NOTE: This post is rated R for a couple instances of mild strong language.
A couple years ago I blogged about new year’s resolutions and the difficulty I had in coming up with them. That problem perhaps isn’t as common as the main problem these resolutions present: that is, the difficulty of sticking with them. In this post I examine this problem and provide my miraculous solution—a one-size-fits-all resolution that anybody can stick to.
The pitfalls of typical resolutions
One problem with so many resolutions is that they emphasize the negative. Drink less, quit smoking, be more active, eat better, be less stressed—it’s like a laundry list of what’s wrong with you. It’s no wonder they’re such a downer, even before we fail to achieve them. What’s less obvious is the myopia of only trying to change only what we already know is wrong. If we think of our overall life performance the way we’d look at our investment portfolio, we realize that looking only at known bad behaviors is like only watching the stocks we own, without asking a bigger question, “How much am I losing by not seeking out new investments?” In other words, what opportunities may be lost when we focus only on our current failings? Couldn’t failure of imagination be a much bigger problem than failing to curb bad habits?
Another problem with new year’s resolutions is that they’re too goal-oriented. We’re always told that we should set specific, tangible, measurable goals. I don’t agree. I could go on about this, but I’ll save that discussion for its own post. Suffice to say, the problem with really specific goals is that it’s too easy to fall short, and then we just give up.
Here’s an example. I was at a San Francisco restaurant with a colleague last week. While waiting a good while for another colleague to show up, we stared down a large drinking glass full of crispy bread sticks. I wasn’t inclined to eat any—they’re utterly pointless, with a glycemic index of roughly infinity, and the butter you dip them in goes straight to your arteries. But I started in, if for no other reason than to use up the butter so as to help my colleague, whom I assumed was struggling to resist the unhealthy snack. (He’s good at sports but knows he’d be better if he lost ten or fifteen pounds.) Our wait dragged on and soon I’d eaten enough breadsticks to consume most of the ramekin of butter, and I was feeling a bit disgusted with myself. Suddenly, my colleague grabbed a breadstick and dug in. “Oh, man, sorry I ate most of the butter,” I said. “I thought you didn’t want any.” He replied, “Oh, no, I didn’t, I was trying to skip it, but then I decided … fuck it.” That one particularly evocative word, “fuck,” was the telltale sound of his resolve snapping like a breadstick.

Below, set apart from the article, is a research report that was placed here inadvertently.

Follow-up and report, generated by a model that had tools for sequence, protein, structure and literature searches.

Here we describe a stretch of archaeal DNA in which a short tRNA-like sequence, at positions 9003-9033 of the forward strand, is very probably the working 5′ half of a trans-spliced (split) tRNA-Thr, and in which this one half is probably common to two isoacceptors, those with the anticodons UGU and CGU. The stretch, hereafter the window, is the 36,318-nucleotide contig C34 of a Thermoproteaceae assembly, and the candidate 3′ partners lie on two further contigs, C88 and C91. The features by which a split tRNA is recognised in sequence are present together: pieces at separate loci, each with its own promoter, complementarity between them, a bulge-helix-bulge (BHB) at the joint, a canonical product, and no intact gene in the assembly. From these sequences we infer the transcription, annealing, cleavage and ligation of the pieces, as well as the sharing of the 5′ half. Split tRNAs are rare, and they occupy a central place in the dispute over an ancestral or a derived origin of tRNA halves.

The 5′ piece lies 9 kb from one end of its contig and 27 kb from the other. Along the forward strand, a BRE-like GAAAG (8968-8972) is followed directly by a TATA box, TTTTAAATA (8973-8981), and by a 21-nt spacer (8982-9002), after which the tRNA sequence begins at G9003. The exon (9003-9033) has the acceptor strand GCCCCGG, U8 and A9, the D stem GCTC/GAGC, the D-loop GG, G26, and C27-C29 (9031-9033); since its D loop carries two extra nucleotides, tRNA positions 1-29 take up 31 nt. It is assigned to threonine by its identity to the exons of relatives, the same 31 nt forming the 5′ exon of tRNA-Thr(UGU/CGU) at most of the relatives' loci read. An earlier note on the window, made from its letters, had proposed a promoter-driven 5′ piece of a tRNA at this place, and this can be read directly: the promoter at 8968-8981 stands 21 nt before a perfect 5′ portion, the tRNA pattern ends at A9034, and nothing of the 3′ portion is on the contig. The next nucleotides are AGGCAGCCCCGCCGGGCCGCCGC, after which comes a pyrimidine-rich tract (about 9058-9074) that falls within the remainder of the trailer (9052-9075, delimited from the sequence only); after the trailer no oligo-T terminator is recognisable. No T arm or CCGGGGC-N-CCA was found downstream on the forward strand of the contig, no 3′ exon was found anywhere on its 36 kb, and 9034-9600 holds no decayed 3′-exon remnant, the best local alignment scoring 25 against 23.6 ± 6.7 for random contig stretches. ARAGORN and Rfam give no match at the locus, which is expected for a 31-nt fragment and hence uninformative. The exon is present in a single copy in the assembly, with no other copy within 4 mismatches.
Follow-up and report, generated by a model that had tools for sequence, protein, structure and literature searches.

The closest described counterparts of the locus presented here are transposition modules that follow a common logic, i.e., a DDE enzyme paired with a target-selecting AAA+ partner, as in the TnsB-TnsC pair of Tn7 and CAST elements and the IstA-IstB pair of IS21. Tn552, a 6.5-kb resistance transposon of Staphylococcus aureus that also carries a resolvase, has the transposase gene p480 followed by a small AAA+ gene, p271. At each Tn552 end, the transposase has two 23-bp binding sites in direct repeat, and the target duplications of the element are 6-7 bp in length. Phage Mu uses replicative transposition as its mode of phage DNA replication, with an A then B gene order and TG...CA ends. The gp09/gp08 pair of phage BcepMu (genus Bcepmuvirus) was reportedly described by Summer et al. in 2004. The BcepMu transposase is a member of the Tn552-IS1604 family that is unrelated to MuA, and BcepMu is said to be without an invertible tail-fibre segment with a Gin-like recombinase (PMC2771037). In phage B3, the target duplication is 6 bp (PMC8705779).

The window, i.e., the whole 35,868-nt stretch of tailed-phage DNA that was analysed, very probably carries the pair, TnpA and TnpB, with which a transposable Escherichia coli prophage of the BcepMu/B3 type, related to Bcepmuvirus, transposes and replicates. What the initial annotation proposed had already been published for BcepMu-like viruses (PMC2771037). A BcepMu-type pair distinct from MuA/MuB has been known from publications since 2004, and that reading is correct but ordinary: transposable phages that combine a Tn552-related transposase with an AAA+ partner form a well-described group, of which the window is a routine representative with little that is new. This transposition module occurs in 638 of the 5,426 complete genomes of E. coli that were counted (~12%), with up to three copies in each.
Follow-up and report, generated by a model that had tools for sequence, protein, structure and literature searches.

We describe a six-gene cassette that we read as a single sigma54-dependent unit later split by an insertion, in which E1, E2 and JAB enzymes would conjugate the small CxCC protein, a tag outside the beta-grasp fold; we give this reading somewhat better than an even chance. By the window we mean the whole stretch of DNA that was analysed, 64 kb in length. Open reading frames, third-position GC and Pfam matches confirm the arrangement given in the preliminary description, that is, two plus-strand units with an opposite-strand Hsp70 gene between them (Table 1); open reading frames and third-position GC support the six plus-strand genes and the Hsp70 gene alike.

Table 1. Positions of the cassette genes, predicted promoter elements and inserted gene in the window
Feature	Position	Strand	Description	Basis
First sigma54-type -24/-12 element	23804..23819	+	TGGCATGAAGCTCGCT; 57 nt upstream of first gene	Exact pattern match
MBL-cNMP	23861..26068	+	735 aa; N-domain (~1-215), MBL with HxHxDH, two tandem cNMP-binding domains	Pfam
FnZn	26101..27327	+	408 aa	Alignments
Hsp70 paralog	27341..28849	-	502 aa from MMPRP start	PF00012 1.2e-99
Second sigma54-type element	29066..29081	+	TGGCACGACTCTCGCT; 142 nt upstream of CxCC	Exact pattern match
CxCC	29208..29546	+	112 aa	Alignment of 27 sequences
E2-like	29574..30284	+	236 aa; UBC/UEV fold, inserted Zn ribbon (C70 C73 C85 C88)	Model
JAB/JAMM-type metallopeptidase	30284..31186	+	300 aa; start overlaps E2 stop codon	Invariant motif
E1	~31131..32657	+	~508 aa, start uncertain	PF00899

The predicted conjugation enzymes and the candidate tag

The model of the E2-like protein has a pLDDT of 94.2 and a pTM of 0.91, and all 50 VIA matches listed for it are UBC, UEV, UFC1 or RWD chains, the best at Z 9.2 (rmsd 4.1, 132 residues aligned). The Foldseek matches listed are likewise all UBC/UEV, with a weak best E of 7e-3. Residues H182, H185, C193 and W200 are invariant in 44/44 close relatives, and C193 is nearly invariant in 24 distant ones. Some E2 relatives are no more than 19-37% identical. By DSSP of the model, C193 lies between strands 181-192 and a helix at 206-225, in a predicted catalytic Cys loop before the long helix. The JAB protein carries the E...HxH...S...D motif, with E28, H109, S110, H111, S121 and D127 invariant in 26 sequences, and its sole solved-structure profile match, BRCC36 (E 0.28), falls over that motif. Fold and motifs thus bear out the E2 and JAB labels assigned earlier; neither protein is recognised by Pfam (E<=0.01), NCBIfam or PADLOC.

When we make specific, measurable new year’s resolutions, our behavior becomes a binary condition of being on or off the wagon (to borrow a conceit from Alcoholics Anonymous). We measure ourselves against whether we’re adhering to our goal, and the minute we’re not, we become fatalistic and decide all is lost. You know: “fuck it”—and the effort is abandoned. (Of course we shouldn’t take this attitude; in equating a behavior change with the realities of substance addiction we commit the logical fallacy of false analogy.)
The problem of time
Resolve isn’t the only obstacle to keeping new year’s resolutions. There’s also the problem of time. So often, the resolution is to do something you haven’t been—which means finding the time for something that’s never been part of your routine. Or it means changing behaviors that, whatever their failings may be, are at least convenient or efficient. I looked at lists of top-ten new year’s resolutions and found seven that involve time. Get fit, learn something new, spend more time with family, volunteer: all these are the kinds of things we hope to get to, eventually (i.e., will never get to). Eat healthier, drink less, be less stressed: these also take time, in their way. Healthy food like salads and vegetables take time to prepare. Drinking is a really quick way for millions of people to relax, and takes far less time than yoga or meditation. Stress, meanwhile, is so often caused by not having enough time to accomplish everything.
When other people are counting on you, their deadlines feel very real. Your pet self-improvement project, which nobody else is monitoring, is an easy target for postponement. And yet, people do manage to get fit, to volunteer, to learn things, and to spend time with their families. What’s their secret? Well, I think part of the problem is that we do have the time for these things, but not always when we’re in a position to do them. I feel like exercising, but it’s dark and/or raining and/or cold outside. I’d like to do something with my family, but they’re already doing something. I’d like to read my book, but it’s at home. So we spend countless hours filling in the time—browsing the web, checking Facebook, watching TV, etc. It’s not moving us in a useful direction, and it’s not particularly satisfying.
The foolproof, universal new year’s resolution
So you want to know the solution to all this? Are you ready? Here it is:
This year, I resolve to spend more time doing things I would like to be better at.
This isn’t going to solve all our problems—we might still drink too much, weigh too much, and/or be too sedentary—but it’s a legitimate resolution that, if followed, will give us small bursts of satisfaction throughout the year. And look at all the pitfalls it avoids:
- It’s not negative. It doesn’t focus on your vices or human failings, so it doesn’t bum you out.
- It has you checking the “blind spot” of missed opportunities—that is, it doesn’t get you so focused on eschewing bad behaviors that you forget to wonder what cool thing you haven’t thought to do.
- It doesn’t ensnare you in over-specific goals that, when missed, cause you to give up and abandon the resolution altogether.
- Rather than becoming a new activity you’ll get to when you can (i.e., never) it’s a lifestyle approach that runs in the background, giving you a way to catch yourself spending your time the wrong way.
- It’s easier to stick with this resolution because it’s not prescriptive—instead of “I’ve been doing something wrong and that’s got to change,” you can do whatever you want and if it’s something you wish you were better at, you’ll be getting somewhere.